In 1991 the original Bramley's Seedling apple tree in the Southwell garden was under attack on two fronts - old age and honey fungus.
Biologists from the University of Nottingham saved the tree from the fungus and it still continues fruiting to this day. But they also ensured the future of the Bramley apple, by using modern biotechnology methods to clone the original tree, thereby preserving it's unique fruit.
Now, 12 of the cloned trees are thriving and fruiting in the Millennium Garden at Nottingham University Park behind the hotel. This guarantees that future generations of gardeners will have access to the original form of the "Bramley's seedling", even after the ancient tree inevitably stops fruiting. 
The Orchard Hotel thus pays homage to the Bramley Apple by naming it's restaurant 'Bramleys Brasserie', which happens to serve delicious food too!!!

This week the Bramley apple blossom was picture perfect in the university orchard

Thursday, 20 April 2017

British Treasures No. 5


 The Coronation of Henry IV of England from the c15th manuscript of Jean Froissart's Chronicles
Princess Blanche was the eldest daughter of King Henry lV, she was the sixth child of seven. After Henry's accession to the English throne her father wanted to make important alliances in order to maintain and legitimise his rule. A suitable ally was King Rupert of Germany, who also needed to legitimise his rule too, and so a marriage was arranged between Rupert's eldest surviving son Louis and Blanche. The marriage contract was signed in 1401 and part of the bride's dowry included what is now the oldest surviving royal English crown. The marriage took place the following year in Cologne Cathedral when the bride was 10 years old. Despite the political nature of the marriage it was said to be happy. Blanche gave birth to a son called Rupert named after his paternal grandfather when she was 14 years old. Aged just 17 years and pregnant with her second child she died of a fever in Alsace.
Princess Blanche's exquisite dowry crown is now kept in the Munich Residenz.  Made of gold, enamel, sapphires, rubies, emeralds, diamonds and pearls it is considered to be one of the finest pieces made by medieval gothic goldsmiths.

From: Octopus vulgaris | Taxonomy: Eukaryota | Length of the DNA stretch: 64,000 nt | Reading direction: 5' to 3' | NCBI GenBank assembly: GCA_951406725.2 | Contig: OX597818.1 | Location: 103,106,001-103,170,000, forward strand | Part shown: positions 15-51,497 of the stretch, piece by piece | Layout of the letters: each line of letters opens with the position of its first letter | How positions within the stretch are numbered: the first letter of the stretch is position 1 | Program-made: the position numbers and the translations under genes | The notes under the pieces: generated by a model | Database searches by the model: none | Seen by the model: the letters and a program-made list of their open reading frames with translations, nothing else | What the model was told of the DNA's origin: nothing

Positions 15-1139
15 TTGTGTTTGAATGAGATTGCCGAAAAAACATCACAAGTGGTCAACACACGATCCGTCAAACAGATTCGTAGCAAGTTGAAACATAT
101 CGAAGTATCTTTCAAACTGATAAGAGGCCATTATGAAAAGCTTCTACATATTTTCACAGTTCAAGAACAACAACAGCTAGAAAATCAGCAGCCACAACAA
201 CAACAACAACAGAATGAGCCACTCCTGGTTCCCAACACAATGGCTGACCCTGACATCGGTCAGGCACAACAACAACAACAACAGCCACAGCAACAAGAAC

The crown is first mentioned in a list of 1399 recording the movement of royal jewels in London. It is listed as being amongst a group of jewels that had belonged to the deposed King Richard II of England. It is, therefore, known that the crown was not specifically made for Blanche. 
Princess Blanche stands poised between her husband Louis lll and his second wife Matilda. At the time of this painting in 1435 Blanche had been dead for 26 years - her presence and countenance in the picture are symbolic of her death with eyes closed and hands crossed
 
I am heading off for a short break to visit some places of British historical interest
 One is a curious little building I long to see covered in symbols which conceals hidden messages 
Taking a final look back at our Spring blossom as I leave
soon the petals will float away like wedding confetti on the wind 

Monday, 17 April 2017

Nut Roast & Chocolate Nut Lava Cake

I am not a big meat eater so was pleased to see a nut roast recipe from Margaret.

I discovered that Lidl sell 200g packets of the recommended selection of mixed nuts so two packets were required
4 shallots, thyme, sage, mint - I have plenty of herbs growing in the garden, but if you don't have access to fresh use dried
400g can of chopped tomatoes, drain away the juice
3 eggs, beaten
150g of strong cheese
1 veg. Oxo cube or a teaspn of bouillon powder
1 teaspn lemon juice
freshly ground black pepper
❖❖❖❖
toast the 250g of nuts in a dry pan being careful not to burn
Put the nuts, herbs, shallots, cheese and Oxo cube in the food processor to blitz until the mixture still has texture but is not pureed
combine the mixture with the drained tomatoes, beaten eggs, lemon juice, and ground black pepper
Place in a parchment lined loaf tin and cook for 45mins at 180℃ or fan oven 160 until golden brown - leave to cool in the tin
Serve either hot or cold
With the leftover nuts why not make a Cake. I found this easy recipe from a Turkish Airline inflight magazine whilst returning home from Cyprus.
❖❖❖❖
 Chocolate Nut Lava Cake
Ingredients 
75g chopped pecan nuts (I am substituting with the leftover mixed nuts)
100g dark chocolate
115g unsalted butter
175g sugar
75g plain flour
2 large beaten eggs
small teaspn vanilla extract
Break chocolate add butter and melt very gently in a bain marie. As soon as softening, remove from heat
add sugar,
then beaten eggs,
vanilla,
stir in flour and chopped nuts
Bake at 180℃ or fan oven 160   

As indicated by the word 'lava' the cake is 
chocolatey and gooey inside     






















eat it as it is or serve as a dessert topped off with cream or icecream